With a new outlook on the day, we set a course for our shelter for the next three nights; a pod in Muff. A what? Well, they have these things called “pods” in Ireland that look a bit like a teeny cabin or a very large outhouse. They are tiny, tiny homes. It came up at a reasonable rate in an interesting location on Airbnb, so I booked it. I explained it to Pat thinking he’d be excited, but I got that “now what have you gotten us into” look. “It’ll be cool,” I told him.
The address we were given was a latitude and longitude. The G-Bitch took us to the coordinates, but we didn’t see a pod. The property was a bit run down and a dog in the yard looked at us menacingly. Pat suggested that I get out to see if anyone was in the house. See how he is? Just because I booked the Airbnb meant he could throw me to the hounds.
I got out of the Irish Porsche, which was honestly much nicer than any of the vehicles in the driveway, and was barked at a few times before the old dog lost interest. By the time I got to the door, a man had come outside. I asked about the pod, mentioned Airbnb, and got the dreaded “I have absolutely no idea what you are talking about” look and a thick, indecipherable response saying as much. Great. Muff isn’t technically in Northern Ireland, but thankfully the cell service still worked. I called the number given on Airbnb for the listing. Voicemail. I left a message.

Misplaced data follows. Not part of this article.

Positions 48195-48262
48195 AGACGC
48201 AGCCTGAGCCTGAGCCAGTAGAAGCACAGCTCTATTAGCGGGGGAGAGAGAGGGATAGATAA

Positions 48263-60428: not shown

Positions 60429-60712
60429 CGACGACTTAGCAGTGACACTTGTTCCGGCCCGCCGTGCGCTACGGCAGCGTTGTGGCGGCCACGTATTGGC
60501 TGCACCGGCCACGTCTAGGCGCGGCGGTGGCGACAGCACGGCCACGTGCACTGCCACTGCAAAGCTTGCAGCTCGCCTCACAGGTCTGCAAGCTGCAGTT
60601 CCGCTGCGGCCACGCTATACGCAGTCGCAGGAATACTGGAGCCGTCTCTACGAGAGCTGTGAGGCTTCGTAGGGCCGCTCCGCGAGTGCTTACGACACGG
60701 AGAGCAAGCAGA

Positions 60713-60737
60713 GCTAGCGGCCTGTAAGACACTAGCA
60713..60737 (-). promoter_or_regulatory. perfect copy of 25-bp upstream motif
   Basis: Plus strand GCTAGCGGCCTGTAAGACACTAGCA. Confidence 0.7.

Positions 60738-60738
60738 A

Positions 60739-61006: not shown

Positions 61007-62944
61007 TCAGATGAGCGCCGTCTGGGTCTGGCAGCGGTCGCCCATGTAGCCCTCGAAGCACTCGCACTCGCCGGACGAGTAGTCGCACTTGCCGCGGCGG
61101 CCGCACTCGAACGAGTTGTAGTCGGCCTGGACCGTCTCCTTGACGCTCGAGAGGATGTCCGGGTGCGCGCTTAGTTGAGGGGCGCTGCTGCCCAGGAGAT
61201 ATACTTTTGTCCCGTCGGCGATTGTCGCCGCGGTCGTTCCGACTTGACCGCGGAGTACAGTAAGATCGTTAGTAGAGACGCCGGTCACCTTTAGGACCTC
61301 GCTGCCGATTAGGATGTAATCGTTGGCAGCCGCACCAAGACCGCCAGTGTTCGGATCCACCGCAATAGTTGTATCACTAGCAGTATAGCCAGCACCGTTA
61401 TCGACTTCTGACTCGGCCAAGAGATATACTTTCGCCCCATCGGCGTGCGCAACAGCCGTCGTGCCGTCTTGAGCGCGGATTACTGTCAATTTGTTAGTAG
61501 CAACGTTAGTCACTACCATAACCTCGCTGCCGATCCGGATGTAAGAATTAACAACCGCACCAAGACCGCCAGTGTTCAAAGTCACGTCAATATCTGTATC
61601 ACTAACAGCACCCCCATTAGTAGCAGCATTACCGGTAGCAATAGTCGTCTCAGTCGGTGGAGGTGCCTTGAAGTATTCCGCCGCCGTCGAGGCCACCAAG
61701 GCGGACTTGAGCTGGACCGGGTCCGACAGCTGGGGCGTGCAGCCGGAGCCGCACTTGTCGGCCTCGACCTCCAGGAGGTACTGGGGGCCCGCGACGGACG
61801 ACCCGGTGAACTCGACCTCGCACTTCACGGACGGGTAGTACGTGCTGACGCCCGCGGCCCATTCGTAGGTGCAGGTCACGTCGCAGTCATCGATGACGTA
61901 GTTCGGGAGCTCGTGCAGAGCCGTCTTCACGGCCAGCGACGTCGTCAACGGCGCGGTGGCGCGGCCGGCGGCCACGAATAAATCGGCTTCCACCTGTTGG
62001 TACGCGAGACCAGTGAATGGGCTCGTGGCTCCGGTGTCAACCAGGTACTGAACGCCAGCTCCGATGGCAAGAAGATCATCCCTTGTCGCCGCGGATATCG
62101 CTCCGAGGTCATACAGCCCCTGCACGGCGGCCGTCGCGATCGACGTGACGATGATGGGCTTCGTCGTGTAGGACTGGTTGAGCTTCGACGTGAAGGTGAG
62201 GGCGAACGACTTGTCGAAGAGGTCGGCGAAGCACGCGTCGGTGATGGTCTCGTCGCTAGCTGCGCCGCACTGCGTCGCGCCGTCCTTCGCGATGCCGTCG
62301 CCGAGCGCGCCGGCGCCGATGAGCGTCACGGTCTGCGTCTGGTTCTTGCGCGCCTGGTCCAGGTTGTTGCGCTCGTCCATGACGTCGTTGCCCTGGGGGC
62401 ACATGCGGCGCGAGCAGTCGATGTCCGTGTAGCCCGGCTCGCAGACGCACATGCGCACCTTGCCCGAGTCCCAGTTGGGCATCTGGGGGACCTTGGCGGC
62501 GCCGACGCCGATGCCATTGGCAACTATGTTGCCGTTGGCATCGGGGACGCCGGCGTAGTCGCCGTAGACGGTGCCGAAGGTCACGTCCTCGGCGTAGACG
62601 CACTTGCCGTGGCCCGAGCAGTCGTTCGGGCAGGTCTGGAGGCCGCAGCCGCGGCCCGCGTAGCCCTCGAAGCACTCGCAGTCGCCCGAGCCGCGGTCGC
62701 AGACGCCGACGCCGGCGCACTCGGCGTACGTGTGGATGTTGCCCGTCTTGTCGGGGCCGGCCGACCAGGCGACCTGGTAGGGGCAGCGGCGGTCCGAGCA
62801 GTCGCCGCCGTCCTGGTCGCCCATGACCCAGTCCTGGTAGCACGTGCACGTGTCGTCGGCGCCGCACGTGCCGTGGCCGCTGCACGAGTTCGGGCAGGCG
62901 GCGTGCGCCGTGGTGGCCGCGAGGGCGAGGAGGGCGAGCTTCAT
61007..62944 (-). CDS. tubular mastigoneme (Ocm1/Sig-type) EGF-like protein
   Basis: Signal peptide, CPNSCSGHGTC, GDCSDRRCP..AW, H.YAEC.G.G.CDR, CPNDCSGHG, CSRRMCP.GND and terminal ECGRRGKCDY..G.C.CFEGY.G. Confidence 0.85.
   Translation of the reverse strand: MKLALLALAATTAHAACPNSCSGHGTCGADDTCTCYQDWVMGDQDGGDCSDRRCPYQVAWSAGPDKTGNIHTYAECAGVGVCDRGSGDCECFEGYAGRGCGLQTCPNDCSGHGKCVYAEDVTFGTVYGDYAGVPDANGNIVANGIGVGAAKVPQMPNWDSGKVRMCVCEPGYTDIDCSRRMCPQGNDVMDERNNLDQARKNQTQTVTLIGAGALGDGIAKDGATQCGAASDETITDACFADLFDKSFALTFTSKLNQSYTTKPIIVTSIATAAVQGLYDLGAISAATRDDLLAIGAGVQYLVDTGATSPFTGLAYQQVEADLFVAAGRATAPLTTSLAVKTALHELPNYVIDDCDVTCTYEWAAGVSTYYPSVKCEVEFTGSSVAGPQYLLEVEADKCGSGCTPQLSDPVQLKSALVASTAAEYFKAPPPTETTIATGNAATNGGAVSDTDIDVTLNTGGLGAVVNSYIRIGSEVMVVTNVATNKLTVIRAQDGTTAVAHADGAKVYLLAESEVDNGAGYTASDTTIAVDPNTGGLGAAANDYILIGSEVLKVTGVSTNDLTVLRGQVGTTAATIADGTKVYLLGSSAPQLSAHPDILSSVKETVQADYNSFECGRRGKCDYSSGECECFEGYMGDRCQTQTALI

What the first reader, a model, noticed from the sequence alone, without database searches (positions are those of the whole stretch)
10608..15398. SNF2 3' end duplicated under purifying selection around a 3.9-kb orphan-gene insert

Like Two Peas in a Pod
“Now what?” asked Pat. “I guess we wait for a call,” I said. While we were waiting, I clicked on the lat/long again in the Airbnb listing (what did we do before smartphones?) and now we weren’t where we were supposed to be. Excellent! We were at the neighbor’s and very close to where we should be. Arriving at the proper coordinates, we discovered that the property was beautiful — right on the river — and the pod was adorable.
Three very relaxing days were spent at the pod. Pat had time to take photographs. We caught up on a bit of blog writing, watched the few boats go up and down the river, and observed the oyster farmers doing whatever oyster farmers do. We took a drive out to Malin Head, the northern-most point in Ireland, for a little VinoHike, but mostly we relaxed. After being on the go constantly for the past month, we needed to recharge before we set off on the Wild Atlantic Way.
Northern Ireland was great craic. But, as is so often the case, we find the most interesting part of travel the times when we make connections with people. Most itineraries will include the Giant’s Causeway and probably Bushmills too, but the highlight for me was the stop in Armagh and being able to vicariously connect my high school English teacher to his hometown.
Hike Drink Live Laugh